Dear Nancy: I am a single mother with four children, all boys, ages 14, 12, eight, and six. I need counsel on how to raise them properly without a father. They are all good-looking boys, popular at school, and obey me quite well. I want to head off trouble if I can. Do you have any advice for me?
Dear Single Mother: When God instituted the family, He meant it to have two parents—a mother and a father. Today we live in a society that reaps the results of sin. When a family breaks up, the children suffer. Research confirms that boys experience extreme stresses when fathers are absent. Let’s take a brief look at some of the findings.
Researchers in the National Longitudinal Survey of Youth tracked 6,403 boys for 20 years. They found that sons of single mothers are at greater risk for violence. Whether or not the mother received child support made no difference to the child’s outcome. The key factor was the absence of the father. Surprisingly, boys who lived with their single fathers were no more likely to commit crimes than were boys from intact families. The reason is probably that fathers who don’t marry but who commit themselves to raise their children are uniquely devoted.
The research also says that a new husband/stepfather won’t solve the problem. In fact, it confirms that this often makes things worse for boys. According to this study, males living in step-parent families were almost three times more likely to face prison than those from intact families. Blending families produces some unique stresses. It is typical for a child to see the new parent as a usurper. Their loyalty to the absent parent can be intense. Such children rarely welcome a new parent.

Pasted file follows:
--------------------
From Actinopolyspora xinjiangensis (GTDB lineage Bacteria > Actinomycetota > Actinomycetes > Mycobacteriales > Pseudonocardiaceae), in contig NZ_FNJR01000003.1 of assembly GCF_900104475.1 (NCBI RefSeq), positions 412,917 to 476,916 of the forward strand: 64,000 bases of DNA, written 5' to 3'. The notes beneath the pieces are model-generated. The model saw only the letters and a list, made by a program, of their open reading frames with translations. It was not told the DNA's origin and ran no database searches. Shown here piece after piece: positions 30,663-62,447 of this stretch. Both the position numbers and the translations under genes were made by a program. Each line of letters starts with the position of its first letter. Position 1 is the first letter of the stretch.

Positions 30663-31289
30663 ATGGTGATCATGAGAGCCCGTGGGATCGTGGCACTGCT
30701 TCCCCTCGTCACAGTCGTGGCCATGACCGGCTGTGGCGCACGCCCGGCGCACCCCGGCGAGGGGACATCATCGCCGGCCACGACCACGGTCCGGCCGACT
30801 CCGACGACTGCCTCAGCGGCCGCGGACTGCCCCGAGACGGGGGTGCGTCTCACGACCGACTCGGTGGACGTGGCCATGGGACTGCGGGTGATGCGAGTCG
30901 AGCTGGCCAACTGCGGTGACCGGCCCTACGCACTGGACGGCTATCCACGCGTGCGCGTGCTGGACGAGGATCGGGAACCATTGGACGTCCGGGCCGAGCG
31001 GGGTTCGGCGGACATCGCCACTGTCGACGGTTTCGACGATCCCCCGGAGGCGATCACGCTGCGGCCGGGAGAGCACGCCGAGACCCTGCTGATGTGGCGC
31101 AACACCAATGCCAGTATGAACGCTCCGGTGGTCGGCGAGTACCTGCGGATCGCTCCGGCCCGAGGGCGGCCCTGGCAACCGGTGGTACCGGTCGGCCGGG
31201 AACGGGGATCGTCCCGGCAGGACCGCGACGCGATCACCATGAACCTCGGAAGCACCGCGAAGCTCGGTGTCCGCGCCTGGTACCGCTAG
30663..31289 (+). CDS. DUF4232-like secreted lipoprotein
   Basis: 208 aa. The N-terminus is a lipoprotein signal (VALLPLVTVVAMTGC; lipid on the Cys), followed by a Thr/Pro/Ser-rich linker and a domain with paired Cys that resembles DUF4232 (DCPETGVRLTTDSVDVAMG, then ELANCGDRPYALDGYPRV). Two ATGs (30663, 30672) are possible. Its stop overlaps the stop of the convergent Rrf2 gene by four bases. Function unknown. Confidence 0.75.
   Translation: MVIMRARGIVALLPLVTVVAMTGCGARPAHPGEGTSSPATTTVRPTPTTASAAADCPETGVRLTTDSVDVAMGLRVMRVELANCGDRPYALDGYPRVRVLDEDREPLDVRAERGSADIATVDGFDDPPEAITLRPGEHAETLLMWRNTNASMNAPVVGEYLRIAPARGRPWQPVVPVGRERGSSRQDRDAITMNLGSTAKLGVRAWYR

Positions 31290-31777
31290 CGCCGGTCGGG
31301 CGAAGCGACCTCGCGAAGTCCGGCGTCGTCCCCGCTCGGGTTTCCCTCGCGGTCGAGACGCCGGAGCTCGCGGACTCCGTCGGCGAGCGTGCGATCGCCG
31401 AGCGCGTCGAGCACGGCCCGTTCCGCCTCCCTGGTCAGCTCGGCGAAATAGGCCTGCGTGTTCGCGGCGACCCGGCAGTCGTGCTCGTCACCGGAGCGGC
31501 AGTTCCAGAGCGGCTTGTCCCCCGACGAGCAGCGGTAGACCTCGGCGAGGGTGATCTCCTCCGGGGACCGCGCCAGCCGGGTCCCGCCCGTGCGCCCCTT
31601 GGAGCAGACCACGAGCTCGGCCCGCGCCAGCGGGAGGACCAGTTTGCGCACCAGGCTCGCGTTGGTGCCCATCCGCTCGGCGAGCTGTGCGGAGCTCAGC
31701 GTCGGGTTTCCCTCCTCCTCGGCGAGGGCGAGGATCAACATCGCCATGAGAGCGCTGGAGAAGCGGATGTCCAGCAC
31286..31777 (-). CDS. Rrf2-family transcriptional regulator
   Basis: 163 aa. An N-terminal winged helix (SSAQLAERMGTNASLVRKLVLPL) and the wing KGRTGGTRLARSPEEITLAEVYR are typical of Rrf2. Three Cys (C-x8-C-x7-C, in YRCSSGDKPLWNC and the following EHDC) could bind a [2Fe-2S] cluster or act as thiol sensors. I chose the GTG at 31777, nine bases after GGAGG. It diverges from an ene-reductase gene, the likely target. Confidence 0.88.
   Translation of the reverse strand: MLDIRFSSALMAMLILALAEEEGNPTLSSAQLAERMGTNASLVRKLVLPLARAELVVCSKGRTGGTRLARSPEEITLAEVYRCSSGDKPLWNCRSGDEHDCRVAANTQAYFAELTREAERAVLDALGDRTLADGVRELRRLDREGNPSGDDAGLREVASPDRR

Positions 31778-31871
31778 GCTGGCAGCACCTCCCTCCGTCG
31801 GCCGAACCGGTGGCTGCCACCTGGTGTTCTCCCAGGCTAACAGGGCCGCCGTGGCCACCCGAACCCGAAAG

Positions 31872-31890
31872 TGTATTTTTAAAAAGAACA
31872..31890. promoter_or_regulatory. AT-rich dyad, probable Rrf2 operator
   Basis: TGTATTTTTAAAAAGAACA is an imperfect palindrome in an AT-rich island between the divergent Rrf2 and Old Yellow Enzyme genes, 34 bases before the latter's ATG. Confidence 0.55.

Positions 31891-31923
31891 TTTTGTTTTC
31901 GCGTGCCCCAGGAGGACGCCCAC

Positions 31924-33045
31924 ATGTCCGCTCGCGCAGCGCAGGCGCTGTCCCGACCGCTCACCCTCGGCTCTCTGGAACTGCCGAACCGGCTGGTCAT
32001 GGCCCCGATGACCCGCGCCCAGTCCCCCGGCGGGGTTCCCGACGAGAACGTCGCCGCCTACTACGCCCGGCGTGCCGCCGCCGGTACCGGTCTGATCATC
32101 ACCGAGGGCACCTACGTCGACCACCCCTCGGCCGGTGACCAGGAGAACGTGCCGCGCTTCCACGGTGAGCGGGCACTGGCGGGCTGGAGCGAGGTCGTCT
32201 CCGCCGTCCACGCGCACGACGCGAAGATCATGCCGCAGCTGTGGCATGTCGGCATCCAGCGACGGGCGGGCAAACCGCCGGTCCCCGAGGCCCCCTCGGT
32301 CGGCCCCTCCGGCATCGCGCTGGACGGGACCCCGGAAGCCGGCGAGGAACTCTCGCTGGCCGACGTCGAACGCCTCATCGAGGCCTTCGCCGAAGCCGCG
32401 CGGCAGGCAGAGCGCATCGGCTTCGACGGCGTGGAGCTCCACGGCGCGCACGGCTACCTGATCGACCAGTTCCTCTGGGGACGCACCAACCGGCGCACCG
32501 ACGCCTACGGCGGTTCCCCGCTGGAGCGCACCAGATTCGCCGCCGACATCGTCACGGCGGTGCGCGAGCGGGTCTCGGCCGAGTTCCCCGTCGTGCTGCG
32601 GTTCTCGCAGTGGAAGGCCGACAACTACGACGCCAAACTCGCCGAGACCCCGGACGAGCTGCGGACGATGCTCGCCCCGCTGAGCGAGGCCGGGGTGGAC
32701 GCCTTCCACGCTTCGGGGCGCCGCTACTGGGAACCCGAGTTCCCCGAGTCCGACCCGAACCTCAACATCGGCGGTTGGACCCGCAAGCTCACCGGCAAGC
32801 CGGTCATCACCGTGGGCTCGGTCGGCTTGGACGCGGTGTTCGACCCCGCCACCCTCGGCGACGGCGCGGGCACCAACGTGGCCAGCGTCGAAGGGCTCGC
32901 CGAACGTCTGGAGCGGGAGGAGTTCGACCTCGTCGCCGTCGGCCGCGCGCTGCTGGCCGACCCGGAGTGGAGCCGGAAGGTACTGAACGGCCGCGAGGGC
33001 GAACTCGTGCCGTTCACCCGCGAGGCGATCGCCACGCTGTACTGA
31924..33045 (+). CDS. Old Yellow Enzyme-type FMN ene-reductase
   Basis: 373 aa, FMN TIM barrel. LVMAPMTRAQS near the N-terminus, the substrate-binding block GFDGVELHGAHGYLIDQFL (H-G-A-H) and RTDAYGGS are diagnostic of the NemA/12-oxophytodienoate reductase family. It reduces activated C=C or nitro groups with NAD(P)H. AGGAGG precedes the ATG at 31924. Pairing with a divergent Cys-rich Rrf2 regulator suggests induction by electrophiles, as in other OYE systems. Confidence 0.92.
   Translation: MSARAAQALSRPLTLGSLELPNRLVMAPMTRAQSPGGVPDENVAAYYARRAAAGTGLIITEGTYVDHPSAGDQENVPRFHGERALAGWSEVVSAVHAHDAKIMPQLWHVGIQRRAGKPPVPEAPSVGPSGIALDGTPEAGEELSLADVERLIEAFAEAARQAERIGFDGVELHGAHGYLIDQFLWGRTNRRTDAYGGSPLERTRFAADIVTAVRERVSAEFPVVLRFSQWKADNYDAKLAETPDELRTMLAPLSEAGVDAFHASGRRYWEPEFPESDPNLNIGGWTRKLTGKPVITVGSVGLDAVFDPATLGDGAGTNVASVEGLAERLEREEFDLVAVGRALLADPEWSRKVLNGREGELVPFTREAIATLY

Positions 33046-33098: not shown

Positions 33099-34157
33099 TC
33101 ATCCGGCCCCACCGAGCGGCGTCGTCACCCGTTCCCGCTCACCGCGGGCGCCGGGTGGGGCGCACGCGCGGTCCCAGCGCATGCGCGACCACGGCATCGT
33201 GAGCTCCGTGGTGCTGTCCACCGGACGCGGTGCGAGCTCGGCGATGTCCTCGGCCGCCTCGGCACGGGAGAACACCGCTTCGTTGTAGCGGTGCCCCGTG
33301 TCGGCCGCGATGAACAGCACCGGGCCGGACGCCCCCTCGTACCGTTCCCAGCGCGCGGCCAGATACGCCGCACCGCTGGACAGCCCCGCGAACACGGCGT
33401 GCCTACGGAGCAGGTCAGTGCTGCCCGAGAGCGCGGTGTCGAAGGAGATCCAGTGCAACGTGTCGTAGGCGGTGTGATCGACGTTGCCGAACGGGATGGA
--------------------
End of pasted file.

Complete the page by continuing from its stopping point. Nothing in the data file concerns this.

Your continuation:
There is no way you as a woman can model for your boys an endless number of male tasks—things like shaving, or thinking, or talking like a man. Therefore, it is your task as a single mother to direct your boys to a father substitute. It might be a youth group with a male leader, a prayer group, a Bible Study class, or a soccer team. Check the library for biographies on great men. Rent videos that focus on the accomplishments of males with integrity. Read Bringing Up Boys and subscribe to Focus on the Family’s magazine for single parents.
As a single mom, you can provide a successful environment for your boys. Doing so will take time, energy, and creativity, but so does everything else worth pursuing in this life. You can do it. Whether you do so depends on your priorities. Success in relating to your boys positively is directly correlated with positive feelings you have about yourself and finding support from others outside the home. It may seem difficult and almost unfair that you have to take the initiative and shoulder all this responsibility, but this is crucial.
Nancy Van Pelt wrote from Bakersfield, California.
This article is excerpted from Dear Nancy…A trusted adviser gives straight answers to questions about marriage, sex and parenting, Nancy L. Van Pelt with Madlyn Lewis Hamblin, Pacific Press, Nampa, Idaho, 2005. Available from HeartnHome.com
* Dobson, James. Bringing Up Boys. Wheaton, Ill.: Tyndale House, 2001. Focus on the Family
Van Pelt, Nancy. Train Up A Child: A guide to successful parenting. Hagerstown, Md.: Review and Herald Publishing, 1984. Available from HeartnHome.com.